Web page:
Assessment may incorporate a variety of methods including in-class exercises, problem-solving exercises, assignments, group or individual projects, presentations and written or practical tests, as well as homework activities.
Other activities may be workplace-based or simulate work practices. These may include the production of technical requirements documents, direct observation of workplace practices and the presentation of a portfolio of evidence. This portfolio may include documents, photographs, video and/or audio files.
Students are advised that they are likely to be asked to personally demonstrate their assessment work to their teacher to ensure that the relevant competency standards are being met. Students will be provided with feedback throughout the course to check their progress.
Task One - Written test in class - Principles of Contract Law
Task Two - Report - Due Week 12 - Project on establishing food outlet in China
Task Three - Group Assignment - Due Week 15 - Business Plan / Company Structure.
Details of requirements will be given to the students in class
Marking Guide (competency):
Vocational Education and Training (VET) is based on current industry needs and the focus on preparing you for the workplace. Because VET courses are informed by practical application of knowledge and skills, they are based on a system known as ‘competency based training’ (CBT). So when you are assessed in VET it is about whether you are competent to do the job, as well as having a firm grasp on the knowledge and skills required to do that job, as opposed to traditional curriculum based education settings that are often based on knowledge retention.
You need to demonstrate you are competent in each element of the unit of competency you are studying.
You will receive feedback on each assessment task that will inform you whether you are competent or not and how well you are performing. Once competent in all elements of the unit you receive a competency grading.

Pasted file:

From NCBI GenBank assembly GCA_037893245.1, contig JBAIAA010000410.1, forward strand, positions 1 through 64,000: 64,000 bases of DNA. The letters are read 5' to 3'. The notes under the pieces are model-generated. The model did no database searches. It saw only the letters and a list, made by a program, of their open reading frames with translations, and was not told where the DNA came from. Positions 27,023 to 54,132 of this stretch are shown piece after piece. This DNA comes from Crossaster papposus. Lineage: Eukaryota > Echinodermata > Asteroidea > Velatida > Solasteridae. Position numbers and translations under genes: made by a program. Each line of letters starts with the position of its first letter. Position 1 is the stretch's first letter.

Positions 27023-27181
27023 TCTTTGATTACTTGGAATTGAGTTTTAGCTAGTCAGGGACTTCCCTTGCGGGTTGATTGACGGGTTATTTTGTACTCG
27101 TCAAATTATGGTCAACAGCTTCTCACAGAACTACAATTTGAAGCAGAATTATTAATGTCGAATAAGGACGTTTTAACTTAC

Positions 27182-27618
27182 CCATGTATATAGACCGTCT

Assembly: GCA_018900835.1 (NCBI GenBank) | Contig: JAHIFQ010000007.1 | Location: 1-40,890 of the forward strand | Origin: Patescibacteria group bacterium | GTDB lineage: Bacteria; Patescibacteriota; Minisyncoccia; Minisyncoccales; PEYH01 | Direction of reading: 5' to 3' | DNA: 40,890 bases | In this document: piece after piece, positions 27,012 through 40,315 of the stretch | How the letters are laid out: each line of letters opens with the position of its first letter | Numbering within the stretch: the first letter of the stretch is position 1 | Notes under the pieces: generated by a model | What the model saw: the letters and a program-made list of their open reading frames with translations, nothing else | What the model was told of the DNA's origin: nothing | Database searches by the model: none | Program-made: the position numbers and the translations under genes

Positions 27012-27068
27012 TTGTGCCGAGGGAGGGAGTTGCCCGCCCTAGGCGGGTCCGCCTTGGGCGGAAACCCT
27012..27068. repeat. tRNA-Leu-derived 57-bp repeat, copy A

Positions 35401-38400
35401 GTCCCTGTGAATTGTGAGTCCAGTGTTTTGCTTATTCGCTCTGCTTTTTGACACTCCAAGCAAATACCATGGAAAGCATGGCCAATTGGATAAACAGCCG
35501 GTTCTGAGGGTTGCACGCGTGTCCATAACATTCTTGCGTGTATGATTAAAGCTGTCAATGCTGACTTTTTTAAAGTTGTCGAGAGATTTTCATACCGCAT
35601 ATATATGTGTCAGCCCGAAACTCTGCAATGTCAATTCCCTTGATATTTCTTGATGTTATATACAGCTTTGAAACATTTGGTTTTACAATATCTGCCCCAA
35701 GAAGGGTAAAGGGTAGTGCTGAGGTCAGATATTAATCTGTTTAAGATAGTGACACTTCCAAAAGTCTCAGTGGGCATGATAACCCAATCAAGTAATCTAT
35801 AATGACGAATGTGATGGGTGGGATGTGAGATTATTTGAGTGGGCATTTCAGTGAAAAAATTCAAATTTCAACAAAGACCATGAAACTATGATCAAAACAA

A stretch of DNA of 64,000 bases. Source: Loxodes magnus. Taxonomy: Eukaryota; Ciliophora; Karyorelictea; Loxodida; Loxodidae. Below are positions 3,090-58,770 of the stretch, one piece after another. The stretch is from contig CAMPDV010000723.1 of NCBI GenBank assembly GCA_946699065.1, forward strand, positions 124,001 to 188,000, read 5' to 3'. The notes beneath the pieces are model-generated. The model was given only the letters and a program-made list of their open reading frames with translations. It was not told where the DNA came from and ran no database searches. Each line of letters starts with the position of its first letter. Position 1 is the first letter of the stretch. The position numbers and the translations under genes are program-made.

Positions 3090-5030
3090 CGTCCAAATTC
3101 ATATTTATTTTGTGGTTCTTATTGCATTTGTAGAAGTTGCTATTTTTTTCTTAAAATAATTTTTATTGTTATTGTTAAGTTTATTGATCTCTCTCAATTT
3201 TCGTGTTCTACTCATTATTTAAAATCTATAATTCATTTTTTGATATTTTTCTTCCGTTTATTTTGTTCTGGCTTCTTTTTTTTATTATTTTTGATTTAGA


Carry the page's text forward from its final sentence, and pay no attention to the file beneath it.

Please refer to the Final Grades table below.
Marking Guide (Grading)
After achieving competency we then grade your performance in the unit; this gives you the opportunity to have the level of your performance formally recognized against industry standards and employability skills.
The grading is according to the following criteria:
1. LEVEL OF INDEPENDENCE, INITIATIVE, ENTERPRISE AND PERFORMANCE OF WORK TASK
We are looking for a high level of ability to complete all tasks independently as per the specifications as well as demonstrating a high level of initiative in your approach to the task
2. DEMONSTRATED BREADTH OF UNDERPINNING KNOWLEDGE AND A WILLINGNESS TO CONTINUE LEARNING
We are looking for depth of understanding of the key concepts and knowledge required in the assessments system. You should be able to demonstrate a thorough understanding of all requirements in all the assessment tasks.
3. TECHNIQUES & PROCESSES, TECHNOLOGY SKILLS AND PROBLEM SOLVING
We are looking for appropriate use of technology to assist in presenting all tasks clearly and suitable for the intended audience. You also need to show an understanding of the kinds of problems that can arise in managing pertinent issues and how these might be addressed.
4. WORK ORGANISATION, PLANNING AND SELF MANAGEMENT
If required by the teacher we would expect to see ongoing uploading of information into Pebble Pad that is relevant to the unit, full utilisation of Pebble Pad and Blackboard as per course requirements and timely submission of all required assessment tasks.
5. COMMUNICATION, PEOPLE NETWORKING, LANGUAGE AND INTERPERSONAL SKILLS AND TEAMWORK
We expect to see contributions to relevant discussions and scheduled Collaborate sessions. In addition your tasks should demonstrate a very good understanding of strategies for a collaborative approach to management issues in the workplace.
Final Grades table:
DNS - Did not submit for assessment
NYC - Not yet competent
CAG - Competency achieved – graded
CC - Competent with credit
CDI - Competent with distinction
CHD - Competent with high distinction
Course Overview: Access Course Overview